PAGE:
He is a member of three working groups of the World Council of Churches and some of his areas of expertise include Pneumatology, Ecclesiology, Pannenberg, Luther, and Pentecostal-Charismatic theologies. Chapter 2: Roman Catholic ecclesiology, after Vatican II, sees the church as the people of God, pilgrim people on the way to the heavenly city (28). Chapter 3: Lutheran ecclesiology sees the church as the gathering of the just and sinful people; it is non-institutional, and a hospital for the sick. Chapter 4: Reformed ecclesiology sees the church as a graced covenant community. Chapter 5: Free Church ecclesiology sees the church as the fellowship of believers, and includes groups like Anabaptist, Baptist, Methodist and Quakers. Chapter 6: Pentecostal/Charismatic ecclesiology sees the church as a charismatic fellowship empowered by the Holy Spirit. Chapter 9: Hans Küng a catholic with a charismatic ecclesiology sees the church as the people of God, on a pilgrimage. Chapter 10: Wolfhart Pannenberg a Lutheran with a universal ecclesiology sees the church as anticipation and a sign of the unity of all people under one God (115). Part III Contextual Ecclesiologies Chapter 15: The Non-Church Movement in Asia founded by Uchimura from Japan is anti-institutional, emphasizing gospel by faith alone and priesthood of all. Churches need to consider their view on sacraments, structure, leadership, ecumenicalism, the priesthood of all believers and how the Trinity informs our ecclesiology. Besides wetting my appetite for more reading in ecclesiology, this book caused me to want to clarify my thoughts on the sacraments and how the Holy Spirit informs structure.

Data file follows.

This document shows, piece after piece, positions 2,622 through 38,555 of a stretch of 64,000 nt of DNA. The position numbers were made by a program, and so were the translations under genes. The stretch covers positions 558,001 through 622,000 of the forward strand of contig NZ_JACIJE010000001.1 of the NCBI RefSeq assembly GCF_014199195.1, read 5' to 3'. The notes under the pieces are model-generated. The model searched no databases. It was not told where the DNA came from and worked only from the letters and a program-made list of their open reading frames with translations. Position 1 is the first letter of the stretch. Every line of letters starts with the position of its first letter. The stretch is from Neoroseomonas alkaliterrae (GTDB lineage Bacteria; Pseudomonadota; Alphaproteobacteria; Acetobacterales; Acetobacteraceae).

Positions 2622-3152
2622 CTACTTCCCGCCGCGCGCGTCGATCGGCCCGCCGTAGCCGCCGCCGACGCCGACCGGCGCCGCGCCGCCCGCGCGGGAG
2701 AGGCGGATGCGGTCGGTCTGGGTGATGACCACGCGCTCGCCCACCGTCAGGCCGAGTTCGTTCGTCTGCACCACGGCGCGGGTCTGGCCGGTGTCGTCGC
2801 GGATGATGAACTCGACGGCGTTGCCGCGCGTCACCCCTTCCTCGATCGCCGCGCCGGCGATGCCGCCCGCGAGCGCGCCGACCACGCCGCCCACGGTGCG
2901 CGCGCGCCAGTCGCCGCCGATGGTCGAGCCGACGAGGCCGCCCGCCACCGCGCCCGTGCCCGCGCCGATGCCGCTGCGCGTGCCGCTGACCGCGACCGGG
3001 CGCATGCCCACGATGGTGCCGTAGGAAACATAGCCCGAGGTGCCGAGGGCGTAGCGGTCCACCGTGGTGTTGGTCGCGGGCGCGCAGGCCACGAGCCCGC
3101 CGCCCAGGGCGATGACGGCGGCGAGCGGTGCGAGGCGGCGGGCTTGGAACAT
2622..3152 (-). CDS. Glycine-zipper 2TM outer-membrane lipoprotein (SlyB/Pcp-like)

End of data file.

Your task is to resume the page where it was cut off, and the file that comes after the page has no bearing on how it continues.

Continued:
But if you want to get an idea of how each tradition could be characterized in meaningful conversation, this is a good book.
This academic book swings from Roman Catholic (post Vatican II emphasis) ideas of the church to Charismatic doctrines of church, from Jurgen Moltmann's theologizing to Hans Kung's scholarship, from "feminist theology" to the shepherding movement.
In the second section of the book, Karkkaien seems to narrows the scope of his ecclesiologial task of section one by introducing us to seven leading modern theologians. Karkkaien brings his book to completion by suggesting that ecclesiology will, from its marginal location, begin to "occupy theologians' agenda." (231) He believes, we live in a world where we have lost our sense of community and belonging. Karkaien states that, "what one believes about the church and its ecclesiality carries over into one's approach to the challenge of unity." (81) He will go on to say, "with the exception of most Free Churches, almost all other Christian churches currently regard visible unity as the desired goal of ecumenism." (84) If unity is the goal, and Karkkaien's work is to present traditions, theologians, and contextual ecclesiologies with this similar aim, why then is no attention given to that which scripture says will help bring us to our goal?
I did appreciate the last two-thirds of the book as an okay introduction to differing view of the church, and found some of the insights informative and refreshing.
*An Introduction to Ecclesiology* is a must read for the pastor or theologian who desires to know all the views and applications of various eccelsiologies lived and experienced throughout the church catholic.